The World Bank has pegged India’s economic growth at 6.7 per cent in 2017-18, slightly higher than 6.5 per cent estimated by the statistics office. For the next financial year, the growth would accelerate to 7.3 per cent, overtaking China's at 6.4 per cent in 2018, the multi-lateral agency said.
In its 2018 Global Economics Prospect, the World Bank projected India's economic growth to be 7.5 per cent in the two years each after 2018-19. In these two years, China's growth rate will drop to 6.3 and 6.2 per cent, respectively.
The Central Statistics Office on Friday came out with Advance Estimates which showed that India's gross domestic product (GDP) growth would fall to 6.5 per cent in 2017-18, the lowest in the Modi government's first four years.
But, the World Bank said India was estimated to have grown at 6.7 per cent in 2017-18, despite initial setbacks from demonetisation and the goods and services tax (GST). Incidentally, the World Bank has cut its growth projections by 0.5 percentage points from earlier estimates.
Some economists also say that actual GDP growth will turn out to be higher than what was projected by the Advance Estimates. Aditi Nayar, principal economist with ICRA, said, “We expect GDP growth to print at 6.7 per cent for FY18.”
If one goes by the estimates of the World Bank, China would pip India by growing a tad higher at 6.8 per cent in 2017.
The World Bank said the country has “enormous growth potential” compared to other emerging economies with the implementation of comprehensive reforms. “In all likelihood India is going to register higher growth rate than other major emerging market economies in the next decade. So, I wouldn’t focus on the short-term numbers. I would look at the big picture for India and the big picture is telling us that it has enormous potential,” Ayhan Kose, director, Development Prospects Group at the World Bank, was quoted as saying by the Press Trust of India.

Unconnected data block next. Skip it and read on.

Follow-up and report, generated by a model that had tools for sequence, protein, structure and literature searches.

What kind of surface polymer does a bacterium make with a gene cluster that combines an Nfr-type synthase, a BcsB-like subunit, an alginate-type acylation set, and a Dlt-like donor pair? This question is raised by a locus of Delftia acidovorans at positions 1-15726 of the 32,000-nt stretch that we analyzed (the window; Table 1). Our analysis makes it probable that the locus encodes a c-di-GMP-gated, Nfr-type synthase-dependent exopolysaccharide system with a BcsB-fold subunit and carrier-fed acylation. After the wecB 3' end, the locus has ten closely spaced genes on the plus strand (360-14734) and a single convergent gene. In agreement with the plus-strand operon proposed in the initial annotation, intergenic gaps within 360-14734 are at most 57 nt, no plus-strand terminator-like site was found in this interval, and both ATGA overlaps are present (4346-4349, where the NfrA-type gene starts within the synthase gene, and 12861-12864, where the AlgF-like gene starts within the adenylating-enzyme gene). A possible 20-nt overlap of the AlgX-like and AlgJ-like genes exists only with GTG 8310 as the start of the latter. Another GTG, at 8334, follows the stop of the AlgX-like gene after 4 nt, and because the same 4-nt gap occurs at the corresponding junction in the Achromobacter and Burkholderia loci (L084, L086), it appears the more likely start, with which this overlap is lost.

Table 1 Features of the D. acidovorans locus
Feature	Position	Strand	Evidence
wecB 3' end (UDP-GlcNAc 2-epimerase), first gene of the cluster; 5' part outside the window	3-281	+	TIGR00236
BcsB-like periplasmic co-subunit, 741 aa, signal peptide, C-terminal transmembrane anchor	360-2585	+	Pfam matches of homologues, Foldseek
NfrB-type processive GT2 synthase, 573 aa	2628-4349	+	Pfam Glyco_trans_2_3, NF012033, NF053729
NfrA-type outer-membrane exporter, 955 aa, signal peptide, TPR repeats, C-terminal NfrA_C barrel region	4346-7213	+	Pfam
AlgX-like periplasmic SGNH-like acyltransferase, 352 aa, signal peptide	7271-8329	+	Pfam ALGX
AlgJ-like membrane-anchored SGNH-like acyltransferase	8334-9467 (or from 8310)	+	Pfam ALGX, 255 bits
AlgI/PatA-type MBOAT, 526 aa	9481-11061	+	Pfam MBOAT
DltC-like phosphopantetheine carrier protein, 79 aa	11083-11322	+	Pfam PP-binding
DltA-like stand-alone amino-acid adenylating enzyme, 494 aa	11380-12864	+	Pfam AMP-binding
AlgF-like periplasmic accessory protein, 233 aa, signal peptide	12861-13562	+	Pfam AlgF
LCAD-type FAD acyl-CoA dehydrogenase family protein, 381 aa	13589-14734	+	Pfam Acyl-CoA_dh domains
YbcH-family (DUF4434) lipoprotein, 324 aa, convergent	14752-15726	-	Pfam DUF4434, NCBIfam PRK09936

He said in comparison with China, which is slowing, the World Bank is expecting India to gradually accelerate.
“The growth numbers of the past three years were very healthy,” Kose, author of the report, said.
To materialise its potential, India, Kose said, needs to take steps to boost investment prospects. There are measures underway to do this, in terms of non-performing loans and productivity, he said.
“On the productivity side, India has enormous potential with respect to secondary education completion rate. All in all, improved labour market reforms, education and health reforms as well as relaxing investment bottleneck will help improve India's prospects,” Kose said.
India has a favourable demographic profile which is rarely seen in other economies. “In that context, improving female labour force participation rate is going to be important. Female labour force participation still remains low relative to other emerging market economies,” he said. Reducing youth unemployment is critical, and pushing for private investment, where problems are already well-known “like bank assets quality issues...If these are done, India can reach its potential easily and exceed,” Kose said.
“In fact, we expect India to do better than its potential in 2018 and move forward,” he said. India’s growth potential, he said, would be around seven per cent for the next 10 years.
The Indian government is “very serious” with the GST being a major turning point and the banking recapitalisation programme is really important, Kose said. “The Indian government has already recognised some of these problems and undertaking measures and willing to see the outcomes of these measures.”
“India is a very large economy. It has a huge potential. At the same time, it has its own challenges. This government is very much aware of these challenges and is just doing its best in terms of dealing with them,” the World Bank official said.
These reforms, of course, will bring certain policy uncertainty, he said, "but the big issue about India, when you look at India's growth potential and our numbers down the road (in) 2019 and 2020, is that it is going to be the fastest-growing large emerging market."
"India has an ambitious government undertaking comprehensive reforms. The GST is a major reform to have harmonised taxes…. Then, of course, the late 2016 demonetisation reform was there. The government is well aware of these short-term implications," Kose said.